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What Determines the Duration of a Fiscal Consolidation Program?

Author

Listed:
  • Luca Agnello

    (Banque de France and University of Palermo)

  • Vitor Castro

    (University of Coimbra, GEMF and NIPE)

  • Ricardo M. Sousa

    (University of Minho, NIPE, London School of Economics and FMG)

Abstract

This paper assesses the determinants of the length of fiscal consolidation using annual data for 17 industrial countries over the period 1978-2009. Relying on a narrative approach to identify fiscal consolidation episodes, we show that fiscal variables (such as the budget deficit and the level of public debt) and economic factors (such as the degree of openness, the inflation rate, the interest rate and per capita GDP) are crucial for the fiscal consolidation process. Additionally, we employ continuous and discrete-time duration analyses over a set of consolidation spells and find that evidence of positive duration dependence, i.e., as time goes by, the likelihood of a fiscal consolidation ending is higher. However, more flexible polynomial-in-time, time-dummies and cubic-splines specifications suggest that the hazard function is not monotonic: indeed, it increases until the eighth or ninth year and starts decreasing afterwards. We also find that: (i) spending-driven consolidations are shorter than tax-driven consolidations; (ii) both types of consolidation are longer in Non-European countries than for European countries; and (iii) the size of the consolidation program (in percentage of GDP) does not significantly affect duration. All in all, our results support the importance of cuts in government spending as a way of bringing economies into a sustainable path for public debt. Moreover, they highlight the role played by a fiscal framework that imposes discipline in governments as a device to credibly shorten the length of fiscal consolidation episodes.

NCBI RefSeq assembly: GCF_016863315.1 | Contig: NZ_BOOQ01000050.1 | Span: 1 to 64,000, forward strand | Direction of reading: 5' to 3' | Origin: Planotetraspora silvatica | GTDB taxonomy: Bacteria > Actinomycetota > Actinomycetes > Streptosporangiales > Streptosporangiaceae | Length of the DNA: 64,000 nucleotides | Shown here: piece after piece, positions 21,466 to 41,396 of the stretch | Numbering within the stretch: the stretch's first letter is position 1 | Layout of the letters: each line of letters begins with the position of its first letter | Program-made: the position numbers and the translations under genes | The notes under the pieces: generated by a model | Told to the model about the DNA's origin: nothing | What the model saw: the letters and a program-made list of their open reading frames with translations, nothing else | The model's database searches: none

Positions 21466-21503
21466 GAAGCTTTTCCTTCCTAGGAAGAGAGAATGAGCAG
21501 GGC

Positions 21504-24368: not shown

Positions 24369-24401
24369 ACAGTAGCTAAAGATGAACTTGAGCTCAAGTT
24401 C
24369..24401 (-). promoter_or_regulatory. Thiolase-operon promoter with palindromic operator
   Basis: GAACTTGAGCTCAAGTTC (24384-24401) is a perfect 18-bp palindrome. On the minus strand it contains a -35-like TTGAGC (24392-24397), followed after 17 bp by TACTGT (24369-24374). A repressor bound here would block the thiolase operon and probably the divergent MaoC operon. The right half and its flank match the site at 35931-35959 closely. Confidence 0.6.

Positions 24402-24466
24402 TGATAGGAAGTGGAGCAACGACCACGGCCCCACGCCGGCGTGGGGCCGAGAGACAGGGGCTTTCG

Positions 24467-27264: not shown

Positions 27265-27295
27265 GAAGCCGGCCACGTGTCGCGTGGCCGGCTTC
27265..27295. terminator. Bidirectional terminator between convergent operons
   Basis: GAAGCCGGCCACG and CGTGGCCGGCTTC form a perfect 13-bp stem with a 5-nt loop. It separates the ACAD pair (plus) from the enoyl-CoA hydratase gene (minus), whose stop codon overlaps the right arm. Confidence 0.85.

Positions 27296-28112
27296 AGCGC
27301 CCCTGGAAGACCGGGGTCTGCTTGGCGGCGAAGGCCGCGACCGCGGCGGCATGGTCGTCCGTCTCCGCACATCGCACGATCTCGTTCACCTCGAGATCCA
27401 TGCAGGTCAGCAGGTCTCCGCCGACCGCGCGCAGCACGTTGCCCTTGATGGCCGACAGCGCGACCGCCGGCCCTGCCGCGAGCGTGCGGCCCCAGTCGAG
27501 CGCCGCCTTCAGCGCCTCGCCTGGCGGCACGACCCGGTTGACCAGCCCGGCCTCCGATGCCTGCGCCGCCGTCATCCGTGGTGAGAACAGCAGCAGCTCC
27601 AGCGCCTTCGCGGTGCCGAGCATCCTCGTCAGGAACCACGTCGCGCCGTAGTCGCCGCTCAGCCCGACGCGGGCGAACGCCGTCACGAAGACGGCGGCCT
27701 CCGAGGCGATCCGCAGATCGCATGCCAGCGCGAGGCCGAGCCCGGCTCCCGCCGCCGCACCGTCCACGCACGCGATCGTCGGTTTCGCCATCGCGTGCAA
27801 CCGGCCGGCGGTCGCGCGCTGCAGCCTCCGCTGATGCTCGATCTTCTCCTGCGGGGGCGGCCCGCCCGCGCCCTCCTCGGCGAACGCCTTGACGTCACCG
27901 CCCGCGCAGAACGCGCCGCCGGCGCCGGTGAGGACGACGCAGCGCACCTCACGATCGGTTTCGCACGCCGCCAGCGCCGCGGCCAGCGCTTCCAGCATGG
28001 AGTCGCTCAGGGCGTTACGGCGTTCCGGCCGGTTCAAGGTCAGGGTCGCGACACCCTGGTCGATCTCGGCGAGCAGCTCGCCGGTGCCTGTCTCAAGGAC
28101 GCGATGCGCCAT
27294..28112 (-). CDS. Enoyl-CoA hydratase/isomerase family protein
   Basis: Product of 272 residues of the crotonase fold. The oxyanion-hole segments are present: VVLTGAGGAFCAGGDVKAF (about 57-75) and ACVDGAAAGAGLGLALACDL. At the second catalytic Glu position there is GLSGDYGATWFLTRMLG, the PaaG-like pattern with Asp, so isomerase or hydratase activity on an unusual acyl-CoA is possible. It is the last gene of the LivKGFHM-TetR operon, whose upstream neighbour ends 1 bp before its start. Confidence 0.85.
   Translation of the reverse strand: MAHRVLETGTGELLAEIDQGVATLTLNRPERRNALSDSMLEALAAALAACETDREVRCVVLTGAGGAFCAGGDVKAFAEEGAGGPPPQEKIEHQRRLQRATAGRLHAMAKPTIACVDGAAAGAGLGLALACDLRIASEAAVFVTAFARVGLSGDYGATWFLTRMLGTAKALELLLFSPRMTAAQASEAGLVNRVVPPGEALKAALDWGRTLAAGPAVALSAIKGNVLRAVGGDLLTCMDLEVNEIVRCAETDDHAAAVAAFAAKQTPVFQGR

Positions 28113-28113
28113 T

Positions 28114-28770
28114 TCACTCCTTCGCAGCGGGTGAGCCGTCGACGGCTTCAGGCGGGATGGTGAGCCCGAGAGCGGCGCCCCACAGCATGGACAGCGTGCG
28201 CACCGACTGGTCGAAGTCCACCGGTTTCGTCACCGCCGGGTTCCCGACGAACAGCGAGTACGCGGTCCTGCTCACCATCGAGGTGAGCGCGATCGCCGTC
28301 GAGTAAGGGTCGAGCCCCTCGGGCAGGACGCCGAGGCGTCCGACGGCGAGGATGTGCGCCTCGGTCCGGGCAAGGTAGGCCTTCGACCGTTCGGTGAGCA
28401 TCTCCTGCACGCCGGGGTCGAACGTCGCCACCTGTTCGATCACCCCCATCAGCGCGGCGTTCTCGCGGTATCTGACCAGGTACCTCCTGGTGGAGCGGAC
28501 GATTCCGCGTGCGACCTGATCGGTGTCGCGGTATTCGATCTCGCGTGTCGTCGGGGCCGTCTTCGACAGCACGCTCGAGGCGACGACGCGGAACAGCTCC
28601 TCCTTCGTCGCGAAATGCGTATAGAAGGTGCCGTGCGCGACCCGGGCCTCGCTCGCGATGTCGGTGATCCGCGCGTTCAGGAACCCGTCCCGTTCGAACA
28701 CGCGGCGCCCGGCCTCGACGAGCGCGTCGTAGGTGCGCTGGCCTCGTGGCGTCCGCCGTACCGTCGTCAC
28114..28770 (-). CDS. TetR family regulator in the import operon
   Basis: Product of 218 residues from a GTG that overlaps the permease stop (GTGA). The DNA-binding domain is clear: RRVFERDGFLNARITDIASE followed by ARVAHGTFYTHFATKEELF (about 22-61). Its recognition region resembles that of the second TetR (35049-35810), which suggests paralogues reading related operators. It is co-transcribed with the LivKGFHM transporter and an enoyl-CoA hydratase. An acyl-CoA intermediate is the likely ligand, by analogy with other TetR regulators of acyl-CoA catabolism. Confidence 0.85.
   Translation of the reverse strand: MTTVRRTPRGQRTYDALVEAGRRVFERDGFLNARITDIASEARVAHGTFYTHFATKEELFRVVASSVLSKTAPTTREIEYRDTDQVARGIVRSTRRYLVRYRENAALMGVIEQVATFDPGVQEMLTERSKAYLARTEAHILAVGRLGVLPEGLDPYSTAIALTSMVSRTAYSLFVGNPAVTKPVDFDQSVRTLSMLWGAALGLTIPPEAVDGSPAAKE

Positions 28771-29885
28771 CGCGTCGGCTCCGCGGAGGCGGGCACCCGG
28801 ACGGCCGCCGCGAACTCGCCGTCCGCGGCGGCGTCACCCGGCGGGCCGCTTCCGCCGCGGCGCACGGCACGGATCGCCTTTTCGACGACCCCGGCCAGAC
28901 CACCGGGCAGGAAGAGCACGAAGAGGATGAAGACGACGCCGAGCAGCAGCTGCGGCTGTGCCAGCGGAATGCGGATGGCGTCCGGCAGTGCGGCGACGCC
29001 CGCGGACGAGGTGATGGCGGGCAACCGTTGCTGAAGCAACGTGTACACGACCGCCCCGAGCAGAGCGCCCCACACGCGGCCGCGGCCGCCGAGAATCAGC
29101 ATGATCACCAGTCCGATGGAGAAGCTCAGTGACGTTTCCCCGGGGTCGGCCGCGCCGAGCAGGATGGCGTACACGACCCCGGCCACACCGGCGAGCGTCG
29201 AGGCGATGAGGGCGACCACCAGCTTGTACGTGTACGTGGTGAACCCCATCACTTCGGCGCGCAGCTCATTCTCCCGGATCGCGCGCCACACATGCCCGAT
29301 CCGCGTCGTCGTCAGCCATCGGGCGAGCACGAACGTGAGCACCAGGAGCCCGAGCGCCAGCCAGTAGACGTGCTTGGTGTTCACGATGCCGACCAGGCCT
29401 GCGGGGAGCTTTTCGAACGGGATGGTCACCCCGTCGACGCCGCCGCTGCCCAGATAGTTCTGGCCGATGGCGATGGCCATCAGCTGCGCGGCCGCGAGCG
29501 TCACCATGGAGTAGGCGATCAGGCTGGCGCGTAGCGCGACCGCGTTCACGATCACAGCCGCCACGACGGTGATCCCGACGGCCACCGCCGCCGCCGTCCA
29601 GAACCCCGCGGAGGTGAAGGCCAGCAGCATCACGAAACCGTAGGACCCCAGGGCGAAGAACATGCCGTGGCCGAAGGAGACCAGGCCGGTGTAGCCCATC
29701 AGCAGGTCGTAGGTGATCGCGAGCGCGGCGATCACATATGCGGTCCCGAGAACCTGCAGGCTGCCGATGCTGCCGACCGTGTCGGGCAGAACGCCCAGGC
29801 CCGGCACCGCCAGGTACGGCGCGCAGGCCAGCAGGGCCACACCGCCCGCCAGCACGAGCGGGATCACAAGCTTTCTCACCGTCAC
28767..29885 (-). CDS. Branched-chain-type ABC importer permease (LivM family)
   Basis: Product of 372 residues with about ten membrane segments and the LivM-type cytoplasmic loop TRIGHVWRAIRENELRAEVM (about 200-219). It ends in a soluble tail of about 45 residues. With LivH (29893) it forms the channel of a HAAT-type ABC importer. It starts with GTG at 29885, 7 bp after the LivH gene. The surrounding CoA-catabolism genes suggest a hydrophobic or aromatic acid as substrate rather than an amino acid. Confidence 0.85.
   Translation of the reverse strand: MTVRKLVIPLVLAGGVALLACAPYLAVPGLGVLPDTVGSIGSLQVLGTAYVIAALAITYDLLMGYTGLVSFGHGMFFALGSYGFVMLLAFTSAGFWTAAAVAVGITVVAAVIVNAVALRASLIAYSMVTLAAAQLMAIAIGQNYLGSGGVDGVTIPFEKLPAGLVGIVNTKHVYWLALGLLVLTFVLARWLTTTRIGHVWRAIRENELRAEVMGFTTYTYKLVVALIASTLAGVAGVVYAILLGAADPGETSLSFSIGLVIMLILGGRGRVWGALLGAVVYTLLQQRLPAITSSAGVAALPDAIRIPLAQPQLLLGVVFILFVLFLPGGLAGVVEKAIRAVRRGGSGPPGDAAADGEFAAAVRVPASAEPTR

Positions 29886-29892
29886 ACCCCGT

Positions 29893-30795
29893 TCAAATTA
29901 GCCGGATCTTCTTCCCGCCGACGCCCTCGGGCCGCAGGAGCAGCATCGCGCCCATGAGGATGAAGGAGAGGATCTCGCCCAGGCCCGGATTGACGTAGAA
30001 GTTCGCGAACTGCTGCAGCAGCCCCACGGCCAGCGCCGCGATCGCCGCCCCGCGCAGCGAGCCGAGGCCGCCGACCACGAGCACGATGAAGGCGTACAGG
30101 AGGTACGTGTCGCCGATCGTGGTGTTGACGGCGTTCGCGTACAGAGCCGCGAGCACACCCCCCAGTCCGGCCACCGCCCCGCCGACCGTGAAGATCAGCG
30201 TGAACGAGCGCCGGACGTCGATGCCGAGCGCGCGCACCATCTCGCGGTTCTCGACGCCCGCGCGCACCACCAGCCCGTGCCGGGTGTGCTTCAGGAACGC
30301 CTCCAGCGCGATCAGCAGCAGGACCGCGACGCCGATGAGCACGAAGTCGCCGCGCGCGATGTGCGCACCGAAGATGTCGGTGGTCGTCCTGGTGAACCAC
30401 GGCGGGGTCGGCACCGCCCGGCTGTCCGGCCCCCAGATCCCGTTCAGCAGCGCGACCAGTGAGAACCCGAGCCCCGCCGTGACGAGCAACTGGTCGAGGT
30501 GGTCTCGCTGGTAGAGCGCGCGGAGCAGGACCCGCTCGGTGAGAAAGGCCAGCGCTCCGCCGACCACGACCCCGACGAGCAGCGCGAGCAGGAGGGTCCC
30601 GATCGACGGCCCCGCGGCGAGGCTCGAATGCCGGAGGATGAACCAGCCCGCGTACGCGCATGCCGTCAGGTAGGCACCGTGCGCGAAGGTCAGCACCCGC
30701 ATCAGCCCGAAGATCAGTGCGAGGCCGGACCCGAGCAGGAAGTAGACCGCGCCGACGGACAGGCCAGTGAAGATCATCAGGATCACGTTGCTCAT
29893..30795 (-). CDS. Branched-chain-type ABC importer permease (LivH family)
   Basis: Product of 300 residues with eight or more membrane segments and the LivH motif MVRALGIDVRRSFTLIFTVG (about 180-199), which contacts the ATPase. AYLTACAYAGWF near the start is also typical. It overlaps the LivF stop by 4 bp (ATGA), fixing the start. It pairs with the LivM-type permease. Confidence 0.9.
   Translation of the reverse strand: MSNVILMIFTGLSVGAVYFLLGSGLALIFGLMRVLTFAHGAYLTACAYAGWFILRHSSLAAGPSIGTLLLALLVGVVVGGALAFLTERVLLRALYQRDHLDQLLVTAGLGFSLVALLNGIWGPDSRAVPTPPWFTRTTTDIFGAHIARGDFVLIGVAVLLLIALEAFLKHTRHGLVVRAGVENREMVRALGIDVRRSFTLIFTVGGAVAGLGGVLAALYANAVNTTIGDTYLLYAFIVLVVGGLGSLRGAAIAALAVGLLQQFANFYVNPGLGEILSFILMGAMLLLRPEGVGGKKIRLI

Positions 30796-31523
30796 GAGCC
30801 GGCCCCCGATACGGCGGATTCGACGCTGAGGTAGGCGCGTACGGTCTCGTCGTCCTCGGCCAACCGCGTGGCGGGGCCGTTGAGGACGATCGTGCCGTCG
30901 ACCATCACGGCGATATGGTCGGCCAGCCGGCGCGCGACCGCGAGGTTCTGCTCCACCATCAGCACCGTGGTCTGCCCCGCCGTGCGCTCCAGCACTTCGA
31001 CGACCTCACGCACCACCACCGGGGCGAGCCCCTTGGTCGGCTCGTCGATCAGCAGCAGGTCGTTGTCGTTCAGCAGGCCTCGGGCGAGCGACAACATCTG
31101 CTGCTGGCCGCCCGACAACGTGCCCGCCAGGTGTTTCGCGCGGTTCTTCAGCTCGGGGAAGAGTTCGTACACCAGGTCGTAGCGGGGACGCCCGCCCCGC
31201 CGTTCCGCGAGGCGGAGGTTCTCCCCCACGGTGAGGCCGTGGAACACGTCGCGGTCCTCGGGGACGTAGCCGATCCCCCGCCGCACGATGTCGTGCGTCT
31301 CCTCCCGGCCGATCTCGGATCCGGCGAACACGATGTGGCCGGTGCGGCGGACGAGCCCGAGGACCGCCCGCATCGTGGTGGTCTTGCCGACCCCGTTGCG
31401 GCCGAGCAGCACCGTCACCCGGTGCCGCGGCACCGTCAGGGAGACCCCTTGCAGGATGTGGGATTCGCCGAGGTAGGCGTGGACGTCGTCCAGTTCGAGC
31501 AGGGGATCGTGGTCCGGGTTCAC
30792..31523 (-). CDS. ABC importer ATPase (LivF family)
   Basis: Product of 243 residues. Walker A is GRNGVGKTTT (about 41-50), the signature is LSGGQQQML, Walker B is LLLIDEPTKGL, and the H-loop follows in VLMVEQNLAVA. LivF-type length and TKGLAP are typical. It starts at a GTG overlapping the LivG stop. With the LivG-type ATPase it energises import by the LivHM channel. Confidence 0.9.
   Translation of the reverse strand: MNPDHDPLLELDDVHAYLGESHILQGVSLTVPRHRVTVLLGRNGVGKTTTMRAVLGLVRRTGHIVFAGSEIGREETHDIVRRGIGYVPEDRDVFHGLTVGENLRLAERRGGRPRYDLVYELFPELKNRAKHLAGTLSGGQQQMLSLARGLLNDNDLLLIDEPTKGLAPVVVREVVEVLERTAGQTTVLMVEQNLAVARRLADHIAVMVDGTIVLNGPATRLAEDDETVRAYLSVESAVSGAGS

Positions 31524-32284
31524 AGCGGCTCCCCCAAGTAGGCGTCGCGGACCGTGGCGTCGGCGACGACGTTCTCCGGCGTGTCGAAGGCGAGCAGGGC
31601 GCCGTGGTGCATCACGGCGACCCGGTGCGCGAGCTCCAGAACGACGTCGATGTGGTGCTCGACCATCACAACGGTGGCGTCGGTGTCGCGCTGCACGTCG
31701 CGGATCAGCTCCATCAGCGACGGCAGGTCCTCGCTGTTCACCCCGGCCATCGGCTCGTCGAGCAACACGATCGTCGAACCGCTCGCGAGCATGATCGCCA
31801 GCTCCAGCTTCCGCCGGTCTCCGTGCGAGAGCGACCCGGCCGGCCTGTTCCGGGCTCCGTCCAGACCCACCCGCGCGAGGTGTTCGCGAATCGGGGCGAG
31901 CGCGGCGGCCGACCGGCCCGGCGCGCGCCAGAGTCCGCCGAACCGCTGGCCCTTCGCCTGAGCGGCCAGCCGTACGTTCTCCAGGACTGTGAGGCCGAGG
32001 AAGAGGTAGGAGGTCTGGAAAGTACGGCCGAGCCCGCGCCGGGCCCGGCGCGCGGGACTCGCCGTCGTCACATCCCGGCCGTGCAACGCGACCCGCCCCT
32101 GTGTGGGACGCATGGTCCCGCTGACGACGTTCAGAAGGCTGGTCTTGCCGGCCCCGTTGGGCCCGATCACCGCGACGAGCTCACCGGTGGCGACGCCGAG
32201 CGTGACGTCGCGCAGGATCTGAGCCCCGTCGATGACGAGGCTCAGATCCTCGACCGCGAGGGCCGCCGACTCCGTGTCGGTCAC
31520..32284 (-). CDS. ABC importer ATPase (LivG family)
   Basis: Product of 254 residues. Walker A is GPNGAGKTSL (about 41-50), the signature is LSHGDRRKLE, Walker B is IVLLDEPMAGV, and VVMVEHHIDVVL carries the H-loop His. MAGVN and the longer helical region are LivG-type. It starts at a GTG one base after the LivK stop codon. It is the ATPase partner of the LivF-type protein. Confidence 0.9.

Suggested Citation

  • Luca Agnello & Vitor Castro & Ricardo M. Sousa, 2013. "What Determines the Duration of a Fiscal Consolidation Program?," GEMF Working Papers 2013-09, GEMF, Faculty of Economics, University of Coimbra.
  • Handle: RePEc:gmf:wpaper:2013-09.
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    References listed on IDEAS

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    Cited by:

    1. Agnello, Luca & Sousa, Ricardo M., 2015. "Can re-regulation of the financial sector strike back public debt?," Economic Modelling, Elsevier, vol. 51(C), pages 159-171.
    2. Vítor Castro & Megumi Kubota, 2013. "Duration dependence and change-points in the likelihood of credit booms ending," NIPE Working Papers 09/2013, NIPE - Universidade do Minho.
    3. Castro, Vítor, 2017. "The impact of fiscal consolidations on the functional components of government expenditures," Economic Modelling, Elsevier, vol. 60(C), pages 138-150.
    4. Vitor Castro, 2016. "On the behaviour of the functional components ofgovernment expenditures during fiscal consolidations," NIPE Working Papers 11/2016, NIPE - Universidade do Minho.
    5. repec:mje:mjejnl:v:13:y:2017:i:3:p:135-148 is not listed on IDEAS
    6. Enrique Alberola-Ila & Ricardo Sousa, 2017. "Assessing fiscal policy through the lens of the financial and the commodity price cycles," BIS Working Papers 638, Bank for International Settlements.
    7. David Lodge & Marta Rodriguez-Vives, 2013. "How long can austerity persist? The factors that sustain fiscal consolidations," European Journal of Government and Economics, Europa Grande, vol. 2(1), pages 5-24, June.
    8. Hammoudeh, Shawkat & Nguyen, Duc Khuong & Sousa, Ricardo M., 2015. "US monetary policy and sectoral commodity prices," Journal of International Money and Finance, Elsevier, vol. 57(C), pages 61-85.
    9. repec:sos:sosjrn:170406 is not listed on IDEAS
    10. Etoundi Atenga, Eric Martial, 2017. "On the Determinants of output Co-movements in the CEMAC Zone:Examining the Role of Trade, Policy Channel, Economic Structure and Common Factors," MPRA Paper 82091, University Library of Munich, Germany.
    11. repec:kap:itaxpf:v:24:y:2017:i:3:d:10.1007_s10797-016-9428-x is not listed on IDEAS
    12. repec:kap:pubcho:v:171:y:2017:i:3:d:10.1007_s11127-017-0441-0 is not listed on IDEAS
    13. Brigitte Granville & Dominik Nagly, 2015. "Conflicting Incentives for Public Support for EMU," Manchester School, University of Manchester, vol. 83, pages 142-157, December.
    14. repec:mje:mjejnl:v:12:y:2017:i:3:p:135-148 is not listed on IDEAS

    More about this item

    Keywords

    fiscal consolidations; duration analysis; Weibull model; cubic splines.;

    JEL classification:

    • C41 - Mathematical and Quantitative Methods - - Econometric and Statistical Methods: Special Topics - - - Duration Analysis; Optimal Timing Strategies
    • E62 - Macroeconomics and Monetary Economics - - Macroeconomic Policy, Macroeconomic Aspects of Public Finance, and General Outlook - - - Fiscal Policy

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